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Klendworth on season long tear for Prairie Ridge

Published: Sunday, May 5, 2013 11:37 p.m. CST • Updated: Monday, May 6, 2013 1:55 p.m. CST
Caption
(Kyle Grillot)
Kyle Grillot - kgrillot@shawmedia.com Prairie Ridge senior Bryan Klendworth at bat during the game against Crystal Lake South at Prairie Ridge high school on Tuesday, April 30, 2013. Crystal Lake South won the game 13-2.

CRYSTAL LAKE – The trip to play baseball in Florida was supposed to be enjoyable for Bryan Klendworth.

It wasn’t.

He was miserable when he returned home after reaching base only twice for Cangelosi Baseball in the World Wood Bat Association World Championships. Most of his at-bats ended with strikeouts.

The Prairie Ridge senior’s mind was clogged with questions. His hitting coach, Scott Martini, offered some tough love, suggesting that maybe the lessons were a waste of time if Klendworth could not develop a better mental approach.

Somewhere, in that funk, Klendworth had an epiphany. He implored Martini to let him stay on and channeled his angst to something constructive. He would work harder, but mainly he would work better.

Klendworth worked out at the McHenry Hurricanes’ facility for the next four months. Martini estimates Klendworth took 20,000 swings – about 300 swings a night, four nights a week. The results have been evident – Klendworth is hitting .595 with 22 extra-base hits and has struck out only six times.

Wolves coach Glen Pecoraro marvels at Klendworth’s level of consistency.

“I’ve never seen a kid as locked in as he has been the entire season,” Pecoraro said. “We’ve had kids who have gone on streaks, two- and three-week streaks, and you just couldn’t get them out. Bryan has been locked in since Day 1 and he hasn’t hit many balls soft.”

Prairie Ridge’s leadoff man also tops the team with 38 RBIs and has16 stolen bases. He has seven doubles, six triples and eight home runs and has scored 39 runs. And this from a player who was a part-time starter a year ago and occasionally struggled to put the ball in play.

“During August, I didn’t have much motivation to actually do anything,” said Klendworth, who is signed to play at NAIA Olivet Nazarene on a baseball scholarship. “I was practicing, but not practicing the right way. I struggled all fall, and when we went to Jupiter, Florida, [with Cangelosi Baseball], it was rough. I kind of made that my motivation, because I knew I could play with those guys down there.”

Klendworth went to the Hurricanes’ facility four nights a week. He soaked up everything he could from Martini and his son Nick, a Class A outfielder with St. Louis who played center field on Prairie Ridge’s 2008 Class 4A state champion.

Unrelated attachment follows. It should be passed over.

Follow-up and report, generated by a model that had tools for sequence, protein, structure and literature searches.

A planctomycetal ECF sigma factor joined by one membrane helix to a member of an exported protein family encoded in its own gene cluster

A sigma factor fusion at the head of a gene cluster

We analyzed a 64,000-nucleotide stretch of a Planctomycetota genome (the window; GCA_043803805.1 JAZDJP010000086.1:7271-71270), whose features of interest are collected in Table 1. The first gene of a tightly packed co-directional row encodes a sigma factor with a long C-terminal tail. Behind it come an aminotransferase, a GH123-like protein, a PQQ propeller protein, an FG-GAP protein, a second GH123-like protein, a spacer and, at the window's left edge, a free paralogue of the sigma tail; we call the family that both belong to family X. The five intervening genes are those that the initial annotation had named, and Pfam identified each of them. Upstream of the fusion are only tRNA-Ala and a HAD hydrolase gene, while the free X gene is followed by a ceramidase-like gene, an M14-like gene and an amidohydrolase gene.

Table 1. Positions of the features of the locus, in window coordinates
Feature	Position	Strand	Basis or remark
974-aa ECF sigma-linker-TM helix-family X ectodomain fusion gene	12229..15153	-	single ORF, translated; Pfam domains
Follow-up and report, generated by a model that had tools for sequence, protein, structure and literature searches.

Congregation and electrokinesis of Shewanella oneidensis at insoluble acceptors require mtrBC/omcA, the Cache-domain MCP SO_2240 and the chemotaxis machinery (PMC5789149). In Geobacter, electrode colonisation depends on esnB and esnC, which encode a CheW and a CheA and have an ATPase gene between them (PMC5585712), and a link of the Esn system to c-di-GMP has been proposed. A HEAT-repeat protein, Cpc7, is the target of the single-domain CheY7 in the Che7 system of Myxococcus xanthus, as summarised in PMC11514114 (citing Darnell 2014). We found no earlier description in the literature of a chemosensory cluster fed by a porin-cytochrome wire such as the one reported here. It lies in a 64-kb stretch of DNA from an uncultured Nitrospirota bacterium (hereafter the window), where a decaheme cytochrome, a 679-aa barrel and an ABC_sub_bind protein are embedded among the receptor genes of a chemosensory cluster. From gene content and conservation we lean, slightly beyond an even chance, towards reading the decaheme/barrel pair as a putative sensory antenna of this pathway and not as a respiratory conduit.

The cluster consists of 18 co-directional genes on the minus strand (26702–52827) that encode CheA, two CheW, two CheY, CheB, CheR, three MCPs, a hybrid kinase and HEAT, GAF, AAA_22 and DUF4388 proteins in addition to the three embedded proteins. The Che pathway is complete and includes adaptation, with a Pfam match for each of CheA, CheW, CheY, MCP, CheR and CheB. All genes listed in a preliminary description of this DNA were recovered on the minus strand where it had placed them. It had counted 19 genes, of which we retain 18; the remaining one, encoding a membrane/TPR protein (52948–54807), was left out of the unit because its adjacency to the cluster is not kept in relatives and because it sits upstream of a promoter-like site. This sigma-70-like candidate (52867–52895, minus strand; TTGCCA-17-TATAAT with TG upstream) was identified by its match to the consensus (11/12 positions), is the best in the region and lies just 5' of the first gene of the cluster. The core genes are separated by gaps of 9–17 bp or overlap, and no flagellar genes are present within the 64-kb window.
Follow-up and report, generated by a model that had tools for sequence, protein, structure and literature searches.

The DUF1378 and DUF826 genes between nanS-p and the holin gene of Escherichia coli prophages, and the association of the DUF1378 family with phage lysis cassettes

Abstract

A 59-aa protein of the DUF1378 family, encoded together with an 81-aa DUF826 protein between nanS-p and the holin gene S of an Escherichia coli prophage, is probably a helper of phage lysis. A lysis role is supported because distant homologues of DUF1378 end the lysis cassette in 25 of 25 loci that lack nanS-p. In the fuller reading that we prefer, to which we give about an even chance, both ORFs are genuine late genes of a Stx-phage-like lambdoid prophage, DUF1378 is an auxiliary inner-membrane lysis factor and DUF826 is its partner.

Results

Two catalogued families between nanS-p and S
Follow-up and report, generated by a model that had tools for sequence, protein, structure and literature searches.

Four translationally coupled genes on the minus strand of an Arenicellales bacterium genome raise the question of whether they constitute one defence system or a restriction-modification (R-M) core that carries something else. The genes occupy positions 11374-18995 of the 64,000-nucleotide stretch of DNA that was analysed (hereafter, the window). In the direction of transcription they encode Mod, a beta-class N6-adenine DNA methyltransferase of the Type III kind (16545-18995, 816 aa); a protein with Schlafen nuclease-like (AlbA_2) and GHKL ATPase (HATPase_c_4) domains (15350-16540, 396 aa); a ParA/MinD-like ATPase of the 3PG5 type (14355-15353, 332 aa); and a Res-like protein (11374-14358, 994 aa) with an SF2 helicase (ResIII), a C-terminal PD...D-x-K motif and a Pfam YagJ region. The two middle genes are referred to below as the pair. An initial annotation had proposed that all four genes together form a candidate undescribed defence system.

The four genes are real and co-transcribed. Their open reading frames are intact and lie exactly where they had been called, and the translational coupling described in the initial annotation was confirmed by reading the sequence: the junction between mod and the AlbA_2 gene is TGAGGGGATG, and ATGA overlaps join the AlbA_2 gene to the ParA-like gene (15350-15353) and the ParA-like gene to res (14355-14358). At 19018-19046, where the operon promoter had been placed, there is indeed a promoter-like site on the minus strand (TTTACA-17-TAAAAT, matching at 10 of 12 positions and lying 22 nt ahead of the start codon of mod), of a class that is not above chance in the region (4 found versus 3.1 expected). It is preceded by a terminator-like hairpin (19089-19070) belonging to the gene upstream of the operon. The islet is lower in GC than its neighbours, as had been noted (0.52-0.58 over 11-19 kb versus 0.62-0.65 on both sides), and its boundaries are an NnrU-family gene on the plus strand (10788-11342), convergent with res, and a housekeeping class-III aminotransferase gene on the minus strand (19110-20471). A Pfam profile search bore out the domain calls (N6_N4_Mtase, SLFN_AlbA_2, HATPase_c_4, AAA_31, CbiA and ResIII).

“Any word that came out of [Nick’s] mouth, I listened to,” Klendworth said. “I learned a lot from him.”

In those three-hour sessions, Klendworth would take 300 swings. They came in combinations of tee, live pitching, hitting drills and the Iron Mike (a pitching machine). Klendworth, who is 6-foot-1, also gained 20 pounds through his time in the weight room.

“I learned how your body’s supposed to feel when you’re up there at bat,” Klendworth said. “What’s supposed to feel right and what’s supposed to feel wrong.”

Eventually, Klendworth knew things so well he was offering instruction to Scott Martini’s 15-year-old players. He was getting it.

“That’s the beautiful part of it,” Scott said. “He coached them. That’s how you become better.”

Martini was impressed with what he saw from Klendworth toward the end of the four months.

“We had him hitting Iron Mike’s, this pitching machine, throwing 74 mph, and moved him up to 35 feet away,” Martini said. “It was the equivalent of 95 mph fastballs and he didn’t miss one. He was hammering balls, squaring them up.”

At that time, Martini told Klendworth he was going to hit a minimum of 10 home runs and be an all-state player this season. Klendworth took off at the start of the season and has not slowed down.

“A lot of people are coming out here and it’s, ‘Wow, who’s this guy?’ ” said Prairie Ridge center fielder Jordan Getzelman, who will play at Missouri. “If you’ve been with Bryan at all, you know it’s no surprise that all this work is paying off. The most remarkable part of it is he had to deal with the failure first in order to reach the success. He worked his butt off all winter.”

Klendworth is producing one of the best seasons in Prairie Ridge history, which is saying something considering players such as Nick Martini, Getzelman, Kyle Cherney, T.J. Swank and others who have come through the program.

Scott Martini said Klendworth has some of the quickest hands he ever has seen. Pecoraro sees no wasted motion and an aggressive mindset.

“My confidence is through the roof right now,” Klendworth said. “Now I know the kind of work I’m supposed to put in.”

Pecoraro and Martini both have contacted NCAA Division I coaches about Klendworth.

“There’s no reason he shouldn’t get some higher opportunities,” Pecoraro said. “He can run, he can throw, he can hit, and hit with some pop, he can play defense. He has all the tools you’re looking for. I hate to see a kid not get that Division I chance.”

Klendworth is open to late offers if any should materialize.

“I would definitely consider it,” Klendworth said. “I’ll see what my options are. I’ll wait and see how it plays out. I’m just trying to come out here and do what I do best. I’m trying to have fun with all of this, trying to have a good time playing with Prairie Ridge.”

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